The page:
Taxes Legislative Alerts
Ten years ago, gross receipt taxes seemed like a dying relic of the Great Depression. At the time, Washington was last state standing with this antiquated tax on business transactions in its books. Indeed, it seemed like the states as a whole were hammering the nails in its coffin when, all of a sudden, New Jersey raised the monster from the dead in 2002 through enacting the first gross receipt tax in decades. This resurrection had a resounding effect on national tax policy, with several states following Trenton’s lead in the years hence. Today, ten states have some sort of gross receipt tax, burdening their businesses with this complicated charge that affects industries unequally and disproportionately penalizes small companies.
There’s nothing worse than experiencing the death of a loved one, but if that loved one prudently saved over their lifetime, don’t look to the federal government for sympathy. Congress is formulating plans to deal with the death tax, which is currently a 35% tax on the estates of those with more than $5 million [...]
By Jason Hughey
Yes, you read that right. Even Canada has a more business-friendly corporate tax policy than the United States. By law, Canadian businesses are required to pay 27% of their income to their provincial and federal governments, whereas in the United States, businesses are required to pay 35% of their income to the federal government. When you also include state corporate taxes, U.S. businesses are legally required to pay corporate taxes in excess of 40% (before credits and deductions). No other country in the world has such a high corporate tax rate.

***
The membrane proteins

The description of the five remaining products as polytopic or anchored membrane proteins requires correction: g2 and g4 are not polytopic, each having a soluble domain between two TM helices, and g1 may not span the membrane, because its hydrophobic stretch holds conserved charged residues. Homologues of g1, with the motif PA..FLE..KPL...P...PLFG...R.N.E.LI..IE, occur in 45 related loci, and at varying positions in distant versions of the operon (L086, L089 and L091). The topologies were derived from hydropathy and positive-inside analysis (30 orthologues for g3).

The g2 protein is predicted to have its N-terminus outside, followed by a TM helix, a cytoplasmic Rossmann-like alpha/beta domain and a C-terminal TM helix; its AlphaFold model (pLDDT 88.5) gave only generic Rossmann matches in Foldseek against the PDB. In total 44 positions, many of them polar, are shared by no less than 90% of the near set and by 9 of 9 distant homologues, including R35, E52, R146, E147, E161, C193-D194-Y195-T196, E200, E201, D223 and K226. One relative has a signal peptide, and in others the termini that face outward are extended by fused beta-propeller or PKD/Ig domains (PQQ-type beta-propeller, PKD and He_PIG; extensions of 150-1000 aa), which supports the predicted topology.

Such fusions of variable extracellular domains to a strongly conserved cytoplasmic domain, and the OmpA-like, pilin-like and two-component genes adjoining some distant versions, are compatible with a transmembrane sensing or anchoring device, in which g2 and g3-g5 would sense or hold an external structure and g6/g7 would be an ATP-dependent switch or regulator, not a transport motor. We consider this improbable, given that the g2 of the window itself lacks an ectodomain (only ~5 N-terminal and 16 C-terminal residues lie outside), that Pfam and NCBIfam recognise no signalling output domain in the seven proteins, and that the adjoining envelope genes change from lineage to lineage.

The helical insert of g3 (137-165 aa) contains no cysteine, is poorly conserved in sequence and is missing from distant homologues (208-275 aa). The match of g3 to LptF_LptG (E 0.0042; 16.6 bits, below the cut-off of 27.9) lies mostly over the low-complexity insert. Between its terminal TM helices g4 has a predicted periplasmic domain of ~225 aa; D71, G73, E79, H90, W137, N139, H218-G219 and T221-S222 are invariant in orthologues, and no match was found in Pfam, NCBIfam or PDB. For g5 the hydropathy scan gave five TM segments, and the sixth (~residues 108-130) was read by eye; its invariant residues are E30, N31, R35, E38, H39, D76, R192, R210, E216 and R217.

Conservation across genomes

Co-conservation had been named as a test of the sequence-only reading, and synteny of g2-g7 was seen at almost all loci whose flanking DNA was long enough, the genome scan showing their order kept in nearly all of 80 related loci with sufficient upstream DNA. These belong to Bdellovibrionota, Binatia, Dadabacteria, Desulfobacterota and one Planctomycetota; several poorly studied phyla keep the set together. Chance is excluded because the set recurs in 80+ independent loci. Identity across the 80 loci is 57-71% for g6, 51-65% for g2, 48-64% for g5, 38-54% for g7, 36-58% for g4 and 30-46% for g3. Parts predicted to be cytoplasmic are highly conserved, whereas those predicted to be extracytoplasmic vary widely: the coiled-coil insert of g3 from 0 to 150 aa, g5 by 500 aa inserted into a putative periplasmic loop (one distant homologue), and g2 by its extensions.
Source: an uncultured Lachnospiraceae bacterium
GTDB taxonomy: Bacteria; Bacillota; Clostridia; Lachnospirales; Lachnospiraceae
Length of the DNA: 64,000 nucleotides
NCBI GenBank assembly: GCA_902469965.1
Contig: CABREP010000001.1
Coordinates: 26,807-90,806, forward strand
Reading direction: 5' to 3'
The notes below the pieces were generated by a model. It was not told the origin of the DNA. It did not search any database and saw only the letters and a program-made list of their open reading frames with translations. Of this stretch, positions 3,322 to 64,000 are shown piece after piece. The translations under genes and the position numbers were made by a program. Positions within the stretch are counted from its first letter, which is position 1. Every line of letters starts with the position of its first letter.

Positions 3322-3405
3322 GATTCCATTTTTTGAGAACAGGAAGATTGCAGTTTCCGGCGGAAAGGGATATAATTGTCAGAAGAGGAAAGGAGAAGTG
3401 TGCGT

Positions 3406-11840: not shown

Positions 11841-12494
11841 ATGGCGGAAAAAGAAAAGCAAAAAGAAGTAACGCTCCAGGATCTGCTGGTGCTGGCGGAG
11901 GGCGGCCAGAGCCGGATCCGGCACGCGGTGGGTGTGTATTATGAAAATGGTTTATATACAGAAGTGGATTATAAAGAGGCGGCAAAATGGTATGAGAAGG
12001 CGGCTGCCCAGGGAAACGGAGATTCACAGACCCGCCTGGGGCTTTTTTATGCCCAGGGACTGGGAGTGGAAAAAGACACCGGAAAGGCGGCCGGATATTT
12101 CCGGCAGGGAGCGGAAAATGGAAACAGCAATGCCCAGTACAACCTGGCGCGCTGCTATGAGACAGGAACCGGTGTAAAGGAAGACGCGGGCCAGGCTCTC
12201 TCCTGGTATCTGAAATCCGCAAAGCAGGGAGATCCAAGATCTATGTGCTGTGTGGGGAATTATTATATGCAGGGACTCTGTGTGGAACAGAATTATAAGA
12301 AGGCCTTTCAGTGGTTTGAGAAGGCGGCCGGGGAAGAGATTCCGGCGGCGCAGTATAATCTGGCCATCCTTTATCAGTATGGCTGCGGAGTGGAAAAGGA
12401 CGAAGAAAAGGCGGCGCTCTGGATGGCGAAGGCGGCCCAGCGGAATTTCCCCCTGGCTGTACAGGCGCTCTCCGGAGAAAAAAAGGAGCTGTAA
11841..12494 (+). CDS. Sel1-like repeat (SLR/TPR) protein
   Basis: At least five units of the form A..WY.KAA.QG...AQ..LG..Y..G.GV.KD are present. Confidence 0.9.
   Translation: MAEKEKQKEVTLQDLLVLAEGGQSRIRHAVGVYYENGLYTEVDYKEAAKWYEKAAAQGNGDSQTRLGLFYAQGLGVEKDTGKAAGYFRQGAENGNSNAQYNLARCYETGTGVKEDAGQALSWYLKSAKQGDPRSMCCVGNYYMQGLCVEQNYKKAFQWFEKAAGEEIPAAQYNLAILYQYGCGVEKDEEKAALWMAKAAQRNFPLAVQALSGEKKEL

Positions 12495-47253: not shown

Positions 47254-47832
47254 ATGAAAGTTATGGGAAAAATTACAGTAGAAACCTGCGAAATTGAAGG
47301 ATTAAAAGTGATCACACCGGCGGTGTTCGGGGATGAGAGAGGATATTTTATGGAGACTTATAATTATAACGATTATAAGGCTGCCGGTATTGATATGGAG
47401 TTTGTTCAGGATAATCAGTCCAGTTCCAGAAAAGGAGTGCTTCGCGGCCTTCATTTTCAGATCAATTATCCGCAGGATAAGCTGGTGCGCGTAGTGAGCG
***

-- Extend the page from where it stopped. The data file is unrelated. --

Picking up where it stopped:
Today Americans for Prosperity joined 11 additional taxpayer and free-market organizations calling on Congress to end the double-taxation of digital goods.
The bipartisan Digital Goods and Services Tax Fairness Act, S. 971, was sponsored by Senators John Thune (R-SD) and Ron Wyden (D-OR).
A copy of the letter is available below.
Indiana will soon join the ranks of 28 other states which do not impose a death tax on their residents. Governor Daniels signing of SB 293, which phases out the tax over ten years, will make Indiana a more welcoming place for entrepreneurs, small business owners, farmers, and the jobs they create.
“Indiana’s legislature has made it easier for family-owned businesses to grow their businesses and hire workers,” said Chase Downham, state director of Americans for Prosperity – Indiana. “Phasing out the state inheritance tax will attract new businesses and encourage expansion.”